Review: Michael Clark at the Barbican

JEAN WATT reviews Michael Clark: Cosmic Dancer at the Barbican and contemplates the emotive potential of physicality. 

I had never heard of Michael Clark until last week. Currently on show at the Barbican is the first major exhibition dedicated to the work of the dancer and choreographer. It is a poem to his extraordinary talent.

The first half of the exhibition pays homage to the long-term collaboration between Clark and filmmaker Charles Atlas. Atlas has produced a multi-screen video installation, made up of re-edited footage from two films made about Clark in the 1980s. The nine screens hang at different heights, different sizes. They are double sided, with viewpoints a-plenty. Immediately you are transported into a kind of hall of mirrors. The screens flit between footage of on-stage performances, behind-the-scenes rehearsals, dressing-room gossip and clubbing. Leigh Bowery flickers into view, bitching to fellow fashion designer and club queen, Rachel Auburn as he does his make-up. Clark prances onto stage in a bottomless leotard. The room overflows with sound: Bowie, Marc Bolan, The Fall.

What is so striking about Atlas’ film is Clark’s attention to detail. He leaps between the worlds of dance, art, music and fashion, but doesn’t let anything fall short. The costumes and make-up are near perfection: spectacularly drag, gloriously kitsch and camp. Atlas describes much of his filming as ‘a love letter to London’; documenting the creative underground and queer subcultures of the London which Clark emerged from.


Leigh Bowery and Rachel Auburn in Charles Atlas’s Hail the New Puritan, 1986. Still, 16mm film transferred to video, sound, duration: 84 minutes and 54 seconds. Image source: Fad Magazine.

Yet, despite the kitschy pantomime of it all, Clark’s choreography is also immensely moving. Coming from a traditional ballet education, Clark studied at the Royal Ballet School in the 70s before joining Ballet Rambert. His formal training bleeds into his work; using classical ballet to subvert the strictures of its traditions. This is what makes his dance so emotive. The grace and virtuosity of his ballet training is palpable.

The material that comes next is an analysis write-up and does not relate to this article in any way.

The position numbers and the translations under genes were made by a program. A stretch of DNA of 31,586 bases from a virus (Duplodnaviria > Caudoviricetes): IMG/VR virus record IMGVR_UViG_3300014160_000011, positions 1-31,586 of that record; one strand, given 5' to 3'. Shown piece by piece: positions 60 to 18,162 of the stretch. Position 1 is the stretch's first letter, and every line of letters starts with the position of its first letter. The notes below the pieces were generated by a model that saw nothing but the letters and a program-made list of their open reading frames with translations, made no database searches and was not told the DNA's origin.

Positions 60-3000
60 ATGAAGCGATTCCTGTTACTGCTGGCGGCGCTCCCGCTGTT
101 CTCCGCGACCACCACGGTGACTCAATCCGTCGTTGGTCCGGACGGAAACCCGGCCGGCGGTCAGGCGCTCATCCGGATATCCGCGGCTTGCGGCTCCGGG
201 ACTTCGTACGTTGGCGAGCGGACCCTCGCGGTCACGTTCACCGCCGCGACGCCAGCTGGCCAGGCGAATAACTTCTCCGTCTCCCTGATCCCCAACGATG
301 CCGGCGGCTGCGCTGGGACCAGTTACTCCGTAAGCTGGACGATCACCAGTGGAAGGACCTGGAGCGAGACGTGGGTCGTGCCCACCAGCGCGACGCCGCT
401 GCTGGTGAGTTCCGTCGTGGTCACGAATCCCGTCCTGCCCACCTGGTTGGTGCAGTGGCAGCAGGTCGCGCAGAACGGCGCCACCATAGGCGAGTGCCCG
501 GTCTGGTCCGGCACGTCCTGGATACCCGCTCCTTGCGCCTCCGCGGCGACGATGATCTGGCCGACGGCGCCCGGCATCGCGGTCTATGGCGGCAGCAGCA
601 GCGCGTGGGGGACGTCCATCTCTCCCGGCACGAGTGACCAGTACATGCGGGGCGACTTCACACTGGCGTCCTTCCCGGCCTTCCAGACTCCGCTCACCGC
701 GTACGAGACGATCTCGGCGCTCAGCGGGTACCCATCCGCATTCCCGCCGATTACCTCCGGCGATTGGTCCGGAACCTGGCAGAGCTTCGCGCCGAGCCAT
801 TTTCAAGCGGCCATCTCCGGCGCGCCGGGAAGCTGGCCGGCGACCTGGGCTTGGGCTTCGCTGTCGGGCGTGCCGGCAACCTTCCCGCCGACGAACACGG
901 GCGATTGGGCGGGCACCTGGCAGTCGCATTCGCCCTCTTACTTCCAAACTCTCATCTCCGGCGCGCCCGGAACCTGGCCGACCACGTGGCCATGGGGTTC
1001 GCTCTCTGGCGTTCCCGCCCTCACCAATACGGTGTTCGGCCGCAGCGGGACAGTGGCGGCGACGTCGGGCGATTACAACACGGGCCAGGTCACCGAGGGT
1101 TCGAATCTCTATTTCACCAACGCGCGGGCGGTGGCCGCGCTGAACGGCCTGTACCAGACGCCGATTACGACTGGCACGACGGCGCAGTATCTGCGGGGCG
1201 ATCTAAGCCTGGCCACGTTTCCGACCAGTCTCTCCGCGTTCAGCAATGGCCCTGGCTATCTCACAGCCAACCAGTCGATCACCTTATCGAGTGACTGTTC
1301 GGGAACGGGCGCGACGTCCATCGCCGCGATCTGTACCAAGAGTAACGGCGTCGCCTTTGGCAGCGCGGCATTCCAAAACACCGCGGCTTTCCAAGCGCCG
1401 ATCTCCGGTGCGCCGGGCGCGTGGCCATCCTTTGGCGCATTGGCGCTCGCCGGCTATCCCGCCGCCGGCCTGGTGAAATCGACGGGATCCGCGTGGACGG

The exhibition continues upstairs with a selection of work inspired by or about Clark. Unfortunately, it is comparatively disappointing. As is often the case in the Barbican’s space, the energy and momentum does not transfer to the upper galleries. A whole room is dedicated to a frankly underwhelming Sarah Lucas concrete cast, depicting Clark’s naked body sitting on a toilet. This is followed by a banal series of paintings by Elizabeth Peyton depicting portraits of Clark alongside his ‘heroes’. The all-consuming cohesiveness of the installation downstairs only exaggerates the boxiness of the rooms upstairs, which allow little space for wandering, considering, coming back, and little dialogue between artists and objects. 


Still of Michael Clark in Hail the New Puritan, 1985–86. Still, 16mm film transferred to video, 84 minutes and 54 seconds. Image source: BOMB Magazine. 


There are certain moments, however, which echo the joy of Atlas’ film: a tender and careful collection of Wolfgang Tillman’s photos, a series of heady, shadowy Silke Otto-Knap paintings, a couple of Leigh Bowery’s gaudy, brocaded costumes. But the best part about the upstairs is that you can still look down. Particularly now, with one-way systems in place, I leant over the balconies with envy at the new visitors encountering the deliciousness of the screens below. Whilst the upstairs rooms sculpted Clark into a whole, showing us how other people have seen him, what it was lacking was his hand.  

I do not, however, envy the task of the curator in putting on a show about a dancer. How else can the energy of performance be conveyed apart from actually watching it unfold, whether that be live, or on video? Yet, what to do with the plentiful resources of other material about Clark? Personally, I would have cut them out, and had the whole exhibition as Atlas’ video installation, which carried enough weight on its own. But I admire the perseverance of curator Florence Ostende, who has written in the past about, ‘the whole complexity faced by venues that combine dance, performance and a museum’, like the Barbican. How to exhibit something live, after the fact? When the very nature of the work, ‘resides in the fact that the body (and not language) remains the principal vector of transmission’. Her show at the Barbican last year Into the Night: Cabarets and Clubs in Modern Art did not solve this complexity, but Clark’s show has something in it. Perhaps, it is Clark himself. 

Michael Clark in Charles Atlas’s Hail the New Puritan, 1986. Still, 16mm film transferred to video, sound, duration: 84 minutes and 54 seconds. Image source: AnOther. 


Leaving this exhibition, after hanging over the balconies to drink in the last of Atlas’ documentation of Clark, I felt invigorated. The physicality of the show, the movement of the dancers on screen, the strength of their bodies, is joyous. Particularly at the moment, whilst I feel hyper-aware of the health condition of my body, I also feel increasingly less and less bodily. When did I last dance, or dance amongst others? I travel less, I move less, I feel the limits of my body less. We are living a more remote existence – removed from ourselves. Michael Clark shocked me back into my body.


Michael Clark: Cosmic Dancer is open at the Barbican until 03.01.21


Featured image: Still of Michael Clark and Karole Armitage in Parafango, 1983–84. Still, 16mm film, duration: 38 minutes. Choreography by Karole Armitage. Courtesy of Electronic Arts Intermix, New York. Image source: BOMB Magazine.